The salt conditions are not all that great, so the big dogs are not going very fast.  So far the fastest speed is about 370 MPH.  When the salt it good, a few cars will go well into the 400 MPH range.

However, it is still Bonneville and that is Mecca for racing (at least for me).  I have been on the salt at sunrise the last two days and fixed my breakfast and coffee while the cars passed by going to the starting line.

Yesterday afternoon I went into town to fill the gas tank.  I could not resist going out to Wendover  Air Force Base.  I have discussed this amazing place in previous blogs.  It was a very active Air Force Base in the 40s and was used to train the crew of the Enola Gay which was the B29 that dropped the atomic bombs on Japan (Link).  The hangers and barracks are still in reasonably good condition – indeed, a movie about WWII could be filmed there with very little reconstruction.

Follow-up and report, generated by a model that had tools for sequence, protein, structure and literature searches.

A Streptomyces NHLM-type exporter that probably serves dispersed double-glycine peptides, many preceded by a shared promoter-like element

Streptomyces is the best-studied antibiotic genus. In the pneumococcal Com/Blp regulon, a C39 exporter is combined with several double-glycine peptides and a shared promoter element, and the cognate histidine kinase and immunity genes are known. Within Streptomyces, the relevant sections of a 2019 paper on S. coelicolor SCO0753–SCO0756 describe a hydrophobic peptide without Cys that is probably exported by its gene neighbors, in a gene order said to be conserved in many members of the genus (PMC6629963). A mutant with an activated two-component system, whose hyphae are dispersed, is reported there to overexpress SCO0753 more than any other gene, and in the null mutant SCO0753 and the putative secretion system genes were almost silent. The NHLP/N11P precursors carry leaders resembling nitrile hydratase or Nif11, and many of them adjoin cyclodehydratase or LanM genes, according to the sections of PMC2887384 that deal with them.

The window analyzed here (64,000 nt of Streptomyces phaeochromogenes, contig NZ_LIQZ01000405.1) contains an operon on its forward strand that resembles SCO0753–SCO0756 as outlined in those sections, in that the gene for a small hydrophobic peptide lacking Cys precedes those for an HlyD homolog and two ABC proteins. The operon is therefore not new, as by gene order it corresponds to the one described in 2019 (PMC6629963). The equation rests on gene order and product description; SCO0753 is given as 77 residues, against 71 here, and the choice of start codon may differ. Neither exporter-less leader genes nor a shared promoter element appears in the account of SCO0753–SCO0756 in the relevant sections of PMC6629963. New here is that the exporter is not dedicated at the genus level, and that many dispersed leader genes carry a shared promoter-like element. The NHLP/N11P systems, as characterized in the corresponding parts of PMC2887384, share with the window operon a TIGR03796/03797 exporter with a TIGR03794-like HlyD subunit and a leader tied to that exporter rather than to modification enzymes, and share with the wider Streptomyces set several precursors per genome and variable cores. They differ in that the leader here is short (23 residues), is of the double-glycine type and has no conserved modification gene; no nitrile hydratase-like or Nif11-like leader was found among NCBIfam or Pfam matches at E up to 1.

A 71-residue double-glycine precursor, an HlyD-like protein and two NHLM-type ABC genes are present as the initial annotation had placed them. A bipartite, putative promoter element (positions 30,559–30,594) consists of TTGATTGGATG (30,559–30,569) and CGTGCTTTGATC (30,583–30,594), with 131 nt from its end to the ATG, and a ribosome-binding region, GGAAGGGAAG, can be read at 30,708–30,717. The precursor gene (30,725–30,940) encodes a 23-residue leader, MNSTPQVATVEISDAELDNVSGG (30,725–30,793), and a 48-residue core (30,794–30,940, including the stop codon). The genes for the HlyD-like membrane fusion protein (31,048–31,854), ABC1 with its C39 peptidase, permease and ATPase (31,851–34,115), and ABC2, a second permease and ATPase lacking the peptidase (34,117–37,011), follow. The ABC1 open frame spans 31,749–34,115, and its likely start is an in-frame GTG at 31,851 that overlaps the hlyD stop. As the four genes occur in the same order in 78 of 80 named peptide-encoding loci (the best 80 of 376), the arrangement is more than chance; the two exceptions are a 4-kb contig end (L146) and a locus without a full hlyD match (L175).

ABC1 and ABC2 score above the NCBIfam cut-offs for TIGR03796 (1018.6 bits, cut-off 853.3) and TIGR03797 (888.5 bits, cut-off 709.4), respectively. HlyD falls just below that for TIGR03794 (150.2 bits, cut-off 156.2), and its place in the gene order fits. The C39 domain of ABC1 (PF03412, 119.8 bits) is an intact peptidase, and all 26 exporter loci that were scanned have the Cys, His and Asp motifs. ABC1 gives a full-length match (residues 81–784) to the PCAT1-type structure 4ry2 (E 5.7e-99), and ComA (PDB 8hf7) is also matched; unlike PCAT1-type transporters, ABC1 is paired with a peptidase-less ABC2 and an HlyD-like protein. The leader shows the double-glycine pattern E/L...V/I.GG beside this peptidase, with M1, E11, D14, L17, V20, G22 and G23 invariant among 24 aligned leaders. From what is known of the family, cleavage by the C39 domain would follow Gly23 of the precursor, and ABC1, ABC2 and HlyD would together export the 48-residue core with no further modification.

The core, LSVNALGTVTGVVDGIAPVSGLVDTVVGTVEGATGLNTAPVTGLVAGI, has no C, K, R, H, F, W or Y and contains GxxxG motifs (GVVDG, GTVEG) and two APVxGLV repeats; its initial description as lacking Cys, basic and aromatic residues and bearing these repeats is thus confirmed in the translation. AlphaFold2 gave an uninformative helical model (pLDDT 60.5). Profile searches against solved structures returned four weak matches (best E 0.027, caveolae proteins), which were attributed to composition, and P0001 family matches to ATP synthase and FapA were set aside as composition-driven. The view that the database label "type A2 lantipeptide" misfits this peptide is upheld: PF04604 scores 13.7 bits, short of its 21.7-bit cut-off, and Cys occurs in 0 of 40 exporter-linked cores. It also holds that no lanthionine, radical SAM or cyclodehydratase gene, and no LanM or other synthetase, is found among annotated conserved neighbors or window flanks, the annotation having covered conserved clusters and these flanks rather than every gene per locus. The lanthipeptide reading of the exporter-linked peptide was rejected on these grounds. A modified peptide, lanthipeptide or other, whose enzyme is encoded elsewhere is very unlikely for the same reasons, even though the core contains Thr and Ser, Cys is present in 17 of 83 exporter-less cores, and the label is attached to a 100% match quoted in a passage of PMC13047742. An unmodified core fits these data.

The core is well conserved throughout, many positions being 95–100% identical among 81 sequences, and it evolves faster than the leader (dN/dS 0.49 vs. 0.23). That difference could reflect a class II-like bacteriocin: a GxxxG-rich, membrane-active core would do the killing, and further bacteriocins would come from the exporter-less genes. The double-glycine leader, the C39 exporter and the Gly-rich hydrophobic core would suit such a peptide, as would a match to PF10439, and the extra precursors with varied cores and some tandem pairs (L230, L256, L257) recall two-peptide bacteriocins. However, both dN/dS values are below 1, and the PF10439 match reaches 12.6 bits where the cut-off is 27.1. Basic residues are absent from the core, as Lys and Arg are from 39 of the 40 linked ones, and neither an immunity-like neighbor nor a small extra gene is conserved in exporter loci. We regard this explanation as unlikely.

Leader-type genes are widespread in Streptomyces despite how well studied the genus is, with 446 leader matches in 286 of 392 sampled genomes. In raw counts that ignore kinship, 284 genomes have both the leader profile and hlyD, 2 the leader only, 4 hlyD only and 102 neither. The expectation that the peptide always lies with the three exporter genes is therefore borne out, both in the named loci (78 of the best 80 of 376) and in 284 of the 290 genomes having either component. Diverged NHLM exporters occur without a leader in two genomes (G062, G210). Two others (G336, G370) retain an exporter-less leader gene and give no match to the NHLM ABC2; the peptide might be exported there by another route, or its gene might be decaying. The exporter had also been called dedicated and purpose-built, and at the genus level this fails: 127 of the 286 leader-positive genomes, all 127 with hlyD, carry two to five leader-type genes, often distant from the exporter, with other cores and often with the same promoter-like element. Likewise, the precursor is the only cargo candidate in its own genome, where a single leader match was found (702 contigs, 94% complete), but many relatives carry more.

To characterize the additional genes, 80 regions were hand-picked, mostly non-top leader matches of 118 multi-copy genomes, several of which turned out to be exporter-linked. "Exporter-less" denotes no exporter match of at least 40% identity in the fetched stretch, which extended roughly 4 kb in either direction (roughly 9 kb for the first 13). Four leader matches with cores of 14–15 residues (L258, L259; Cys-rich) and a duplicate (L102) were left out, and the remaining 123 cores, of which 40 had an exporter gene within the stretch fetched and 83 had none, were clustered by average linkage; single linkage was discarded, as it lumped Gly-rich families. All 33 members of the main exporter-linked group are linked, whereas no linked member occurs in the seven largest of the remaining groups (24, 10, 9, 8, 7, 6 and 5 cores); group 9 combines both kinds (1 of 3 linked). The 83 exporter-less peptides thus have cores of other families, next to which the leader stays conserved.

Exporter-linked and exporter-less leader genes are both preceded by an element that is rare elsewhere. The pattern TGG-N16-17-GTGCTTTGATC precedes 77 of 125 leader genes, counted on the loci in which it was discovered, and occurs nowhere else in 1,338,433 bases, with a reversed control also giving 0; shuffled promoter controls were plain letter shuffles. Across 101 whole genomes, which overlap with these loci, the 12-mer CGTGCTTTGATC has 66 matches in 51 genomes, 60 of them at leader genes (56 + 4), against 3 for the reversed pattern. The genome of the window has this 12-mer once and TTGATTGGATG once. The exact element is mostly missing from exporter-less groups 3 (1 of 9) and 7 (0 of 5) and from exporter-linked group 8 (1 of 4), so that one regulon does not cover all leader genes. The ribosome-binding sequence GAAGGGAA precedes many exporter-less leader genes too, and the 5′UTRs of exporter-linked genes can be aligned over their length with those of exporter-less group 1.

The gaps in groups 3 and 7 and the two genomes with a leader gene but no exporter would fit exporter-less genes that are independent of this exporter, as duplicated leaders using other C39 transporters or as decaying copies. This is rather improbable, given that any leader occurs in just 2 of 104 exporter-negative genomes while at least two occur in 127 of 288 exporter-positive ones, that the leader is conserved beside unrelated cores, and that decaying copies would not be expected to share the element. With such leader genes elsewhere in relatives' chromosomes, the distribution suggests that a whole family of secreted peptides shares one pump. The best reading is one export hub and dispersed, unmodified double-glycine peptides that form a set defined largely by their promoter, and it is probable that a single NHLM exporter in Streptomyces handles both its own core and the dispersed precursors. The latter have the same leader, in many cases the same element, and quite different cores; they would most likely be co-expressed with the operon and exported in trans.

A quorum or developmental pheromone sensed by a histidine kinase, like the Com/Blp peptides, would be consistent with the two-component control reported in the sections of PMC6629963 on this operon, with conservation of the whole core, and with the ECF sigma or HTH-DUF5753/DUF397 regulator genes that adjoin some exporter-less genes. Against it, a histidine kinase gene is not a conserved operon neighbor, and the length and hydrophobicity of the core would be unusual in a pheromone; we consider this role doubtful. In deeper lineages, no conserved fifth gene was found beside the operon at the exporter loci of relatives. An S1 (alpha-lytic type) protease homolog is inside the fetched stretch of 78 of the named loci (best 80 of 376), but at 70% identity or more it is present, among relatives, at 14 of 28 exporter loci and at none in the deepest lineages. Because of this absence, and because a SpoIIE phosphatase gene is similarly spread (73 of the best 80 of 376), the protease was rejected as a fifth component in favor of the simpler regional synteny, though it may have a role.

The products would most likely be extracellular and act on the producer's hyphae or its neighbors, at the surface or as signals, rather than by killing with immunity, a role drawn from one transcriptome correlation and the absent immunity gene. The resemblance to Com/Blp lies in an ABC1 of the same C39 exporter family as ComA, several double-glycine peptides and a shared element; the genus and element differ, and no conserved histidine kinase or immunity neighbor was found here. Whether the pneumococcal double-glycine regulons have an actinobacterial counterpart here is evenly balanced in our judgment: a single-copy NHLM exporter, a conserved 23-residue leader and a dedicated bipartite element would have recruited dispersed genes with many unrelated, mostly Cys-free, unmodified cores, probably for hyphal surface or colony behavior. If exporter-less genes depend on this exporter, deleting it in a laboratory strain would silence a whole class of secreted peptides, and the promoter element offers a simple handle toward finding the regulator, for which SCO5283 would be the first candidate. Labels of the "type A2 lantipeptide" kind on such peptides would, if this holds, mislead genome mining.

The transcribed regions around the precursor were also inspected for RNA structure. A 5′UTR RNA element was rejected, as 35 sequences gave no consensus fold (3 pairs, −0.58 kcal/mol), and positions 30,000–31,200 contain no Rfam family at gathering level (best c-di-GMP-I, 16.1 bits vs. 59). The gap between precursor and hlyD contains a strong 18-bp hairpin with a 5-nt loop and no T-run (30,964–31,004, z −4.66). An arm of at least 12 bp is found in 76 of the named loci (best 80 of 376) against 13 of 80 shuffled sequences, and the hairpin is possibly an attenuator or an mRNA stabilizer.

We were saddened in the past that the museum was very small and the folks mentioned that there was very little support for reconstruction of the Enola Gay hanger – primarily because younger folks had the impression that the bombing was an atrocity.  However, this visit made me feel much better.  There is a strong program to stabilize the Enola Gay hanger and do a significant amount of reconstruction.

I am having some issues with the photos I have taken, so I will upload some in the next post.

Today, I will spend about a half of a day on the salt and then start heading back.

That is all for this post.

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Hello from Evergreen, CO  (An epilogue to our Europe trip)

Hello from Evergreen, CO  (An epilogue to our Europe trip)

Sunday morning – August 4, 2019   (tenth post of this travelogue)